binding itself into a multilateral order, the hegemon is able to achieve ‘buy-
in’ by smaller powers and institutionalize a durable, advantageous inter-
national order.
Different hegemons may institute different post-war orders, and
Ikenberry attributes the choice to the extent of power disparities and
fidelity to democracy (the more unilateral, the more readily a hegemon can
cement its preferred order, while more democratic hegemons can more
readily lock-in a constitutional order). While Ikenberry sees ‘hegemonic
establishment of constitutional orders’ and we observe a relatively un-
broken dynamic of interaction through multilateral treaty-making, his
reminder of the role of material power in reinforcing multilateralism is
well-taken.
The emergence in the 1850s of multilateral treaty-making as a potentially
dominant practice resulted from a confluence of material, ideational and
distribution of power factors. Industrialization altered the needs of power-
ful actors, providing a drive toward cooperative international interaction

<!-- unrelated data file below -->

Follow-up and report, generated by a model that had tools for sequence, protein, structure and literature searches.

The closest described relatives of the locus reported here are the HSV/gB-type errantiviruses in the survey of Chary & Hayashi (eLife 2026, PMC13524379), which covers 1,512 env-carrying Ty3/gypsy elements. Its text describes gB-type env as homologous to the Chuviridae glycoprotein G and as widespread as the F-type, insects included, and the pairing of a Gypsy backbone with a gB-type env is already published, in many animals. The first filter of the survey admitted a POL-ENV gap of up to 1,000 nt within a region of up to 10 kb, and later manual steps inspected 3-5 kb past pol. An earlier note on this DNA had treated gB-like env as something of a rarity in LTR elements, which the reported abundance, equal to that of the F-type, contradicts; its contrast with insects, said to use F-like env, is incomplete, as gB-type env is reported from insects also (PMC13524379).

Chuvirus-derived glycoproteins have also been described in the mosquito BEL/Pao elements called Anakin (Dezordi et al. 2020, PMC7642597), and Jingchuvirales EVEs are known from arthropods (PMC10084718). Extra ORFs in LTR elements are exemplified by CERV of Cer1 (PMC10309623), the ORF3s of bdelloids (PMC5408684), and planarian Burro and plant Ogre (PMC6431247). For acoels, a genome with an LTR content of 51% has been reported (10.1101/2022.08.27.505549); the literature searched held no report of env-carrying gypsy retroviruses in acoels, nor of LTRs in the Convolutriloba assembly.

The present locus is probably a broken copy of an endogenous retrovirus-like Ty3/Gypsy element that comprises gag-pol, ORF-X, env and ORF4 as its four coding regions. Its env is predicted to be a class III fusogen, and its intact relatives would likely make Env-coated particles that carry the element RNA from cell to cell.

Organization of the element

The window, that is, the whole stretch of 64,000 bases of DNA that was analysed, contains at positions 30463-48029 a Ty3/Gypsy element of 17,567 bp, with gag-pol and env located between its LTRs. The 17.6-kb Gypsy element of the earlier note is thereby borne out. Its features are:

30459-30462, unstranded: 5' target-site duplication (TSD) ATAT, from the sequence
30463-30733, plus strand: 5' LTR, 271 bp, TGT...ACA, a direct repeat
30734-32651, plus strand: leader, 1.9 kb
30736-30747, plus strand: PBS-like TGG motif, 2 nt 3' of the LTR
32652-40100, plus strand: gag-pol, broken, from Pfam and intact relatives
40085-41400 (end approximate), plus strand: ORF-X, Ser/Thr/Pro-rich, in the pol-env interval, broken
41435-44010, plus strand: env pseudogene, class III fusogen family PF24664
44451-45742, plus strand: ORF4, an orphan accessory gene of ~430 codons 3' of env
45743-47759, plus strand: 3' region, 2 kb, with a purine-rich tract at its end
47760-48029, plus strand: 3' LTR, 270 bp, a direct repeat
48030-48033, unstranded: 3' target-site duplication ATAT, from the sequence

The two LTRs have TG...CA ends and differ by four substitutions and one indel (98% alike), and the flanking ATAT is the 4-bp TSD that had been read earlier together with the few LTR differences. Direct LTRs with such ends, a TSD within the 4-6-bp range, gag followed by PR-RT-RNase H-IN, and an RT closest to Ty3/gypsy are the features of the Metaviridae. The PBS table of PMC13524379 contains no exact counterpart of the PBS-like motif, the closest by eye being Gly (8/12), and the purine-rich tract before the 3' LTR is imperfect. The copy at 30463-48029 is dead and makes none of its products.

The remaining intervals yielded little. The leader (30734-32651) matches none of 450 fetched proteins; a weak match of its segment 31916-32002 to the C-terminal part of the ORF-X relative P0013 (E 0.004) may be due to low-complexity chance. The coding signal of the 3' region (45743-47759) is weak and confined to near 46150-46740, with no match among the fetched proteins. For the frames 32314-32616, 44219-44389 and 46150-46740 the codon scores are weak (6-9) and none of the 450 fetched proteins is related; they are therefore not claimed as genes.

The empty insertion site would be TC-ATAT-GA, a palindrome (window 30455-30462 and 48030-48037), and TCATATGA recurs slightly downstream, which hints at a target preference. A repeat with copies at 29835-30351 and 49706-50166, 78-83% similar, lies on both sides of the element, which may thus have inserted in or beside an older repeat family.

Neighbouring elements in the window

at the same time that a new set of values favouring legislative justice and

Downloaded from http://cac.sagepub.com at Stockholms Universitet on April 7, 2010


DENEMARK AND HOFFMANN: MULTILATERAL TREATY-MAKING 199

reciprocity within dominant states was being externalized into the inter-
national community. These forces combined to build powerful momentum
behind the practice of multilateral treaty-making.

Acceptance and Spread of Multilateral Treaty-Making

What we see in the mid to late nineteenth century is the critical juncture
that Mahoney (2000: 513) urges those pursuing path-dependent arguments
to seek. A number of contingent forces led to the emergence of multiple
multilateral institutional possibilities — most notably public unions, multi-
lateral conferences, systems of arbitration and multilateral treaty-making.7
What we observe in subsequent decades is the growing dominance of mul-
tilateral treaty-making as the increasing returns to this institutional practice
reinforce its legitimacy and generate positive feedback. States orient them-
selves toward making multilateral treaties, altering their organizational
structures and shifting domestic resources. Their actions reify the appropri-